School Seminars and Colloquia

Epidemics and rumours: the effect of network structure on transmission dynamics

Statistics Seminar

by Valerie Isham


Institution: University College, London
Date: Fri 29th July 2011
Time: 4:00 PM
Location: Room 215 Richard Berry Building, University of Melbourne

Abstract: The basic (SIR) epidemic model for the spread of infection in a homogeneously-mixing population is a special case of a more general stochastic model used for the spread of information (a `rumour’). In both cases it is well known that there is a threshold for widespread transmission. More generally, for both epidemics and rumours, there is particular interest in using a network to represent population structure. This ensures that some pairs of individuals are never in contact, and direct spread between them cannot occur. Natural applications are to the spread of infection or information on social networks. In this talk, I will review simple epidemic and rumour models, and describe networks generated by a range of random mechanisms. I will then discuss the effect of different network structures on the transmission dynamics of epidemics or rumours on networks and, in particular, the effect of different network properties on thresholds for widespread transmission.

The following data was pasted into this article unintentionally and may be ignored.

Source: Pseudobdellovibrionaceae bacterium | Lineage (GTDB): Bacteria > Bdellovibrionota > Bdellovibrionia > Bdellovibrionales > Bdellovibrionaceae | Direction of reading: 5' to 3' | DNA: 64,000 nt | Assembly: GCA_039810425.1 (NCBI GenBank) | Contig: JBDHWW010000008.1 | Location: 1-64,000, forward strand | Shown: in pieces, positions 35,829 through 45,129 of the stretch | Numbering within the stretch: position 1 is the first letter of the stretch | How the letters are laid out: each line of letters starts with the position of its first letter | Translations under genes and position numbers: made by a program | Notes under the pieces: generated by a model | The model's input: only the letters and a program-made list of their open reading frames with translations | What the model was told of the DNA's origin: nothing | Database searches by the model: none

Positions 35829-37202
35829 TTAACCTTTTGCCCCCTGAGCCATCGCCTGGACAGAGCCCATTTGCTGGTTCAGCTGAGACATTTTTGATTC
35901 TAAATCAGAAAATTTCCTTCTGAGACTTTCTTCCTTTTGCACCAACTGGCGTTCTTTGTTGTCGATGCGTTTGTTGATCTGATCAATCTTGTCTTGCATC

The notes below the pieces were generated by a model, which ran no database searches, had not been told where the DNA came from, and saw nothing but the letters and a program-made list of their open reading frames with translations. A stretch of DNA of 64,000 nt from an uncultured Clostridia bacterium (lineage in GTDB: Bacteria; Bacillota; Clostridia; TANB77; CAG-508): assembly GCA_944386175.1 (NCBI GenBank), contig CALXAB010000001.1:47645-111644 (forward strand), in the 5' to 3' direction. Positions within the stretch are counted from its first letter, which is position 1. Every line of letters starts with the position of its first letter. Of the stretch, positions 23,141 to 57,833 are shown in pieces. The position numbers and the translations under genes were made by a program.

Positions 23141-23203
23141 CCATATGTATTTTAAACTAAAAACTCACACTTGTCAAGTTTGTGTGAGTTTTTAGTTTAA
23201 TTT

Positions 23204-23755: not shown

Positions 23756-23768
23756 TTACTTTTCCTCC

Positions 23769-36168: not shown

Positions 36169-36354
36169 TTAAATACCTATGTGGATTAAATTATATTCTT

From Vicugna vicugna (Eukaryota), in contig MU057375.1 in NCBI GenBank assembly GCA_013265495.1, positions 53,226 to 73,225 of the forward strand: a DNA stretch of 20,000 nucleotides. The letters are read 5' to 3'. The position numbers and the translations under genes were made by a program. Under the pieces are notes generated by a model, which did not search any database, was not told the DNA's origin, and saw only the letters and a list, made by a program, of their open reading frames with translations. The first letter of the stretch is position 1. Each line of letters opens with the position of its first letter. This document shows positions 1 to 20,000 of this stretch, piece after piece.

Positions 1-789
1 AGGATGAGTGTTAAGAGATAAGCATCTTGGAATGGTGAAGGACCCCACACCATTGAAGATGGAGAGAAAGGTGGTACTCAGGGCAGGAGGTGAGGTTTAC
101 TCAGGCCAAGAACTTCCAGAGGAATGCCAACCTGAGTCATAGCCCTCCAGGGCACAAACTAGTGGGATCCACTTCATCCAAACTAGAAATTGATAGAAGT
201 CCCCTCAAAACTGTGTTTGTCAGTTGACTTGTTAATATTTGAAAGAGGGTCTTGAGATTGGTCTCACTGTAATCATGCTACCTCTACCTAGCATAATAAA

For More Information: contact: Mihee Lee. email: miheel@unimelb.edu.au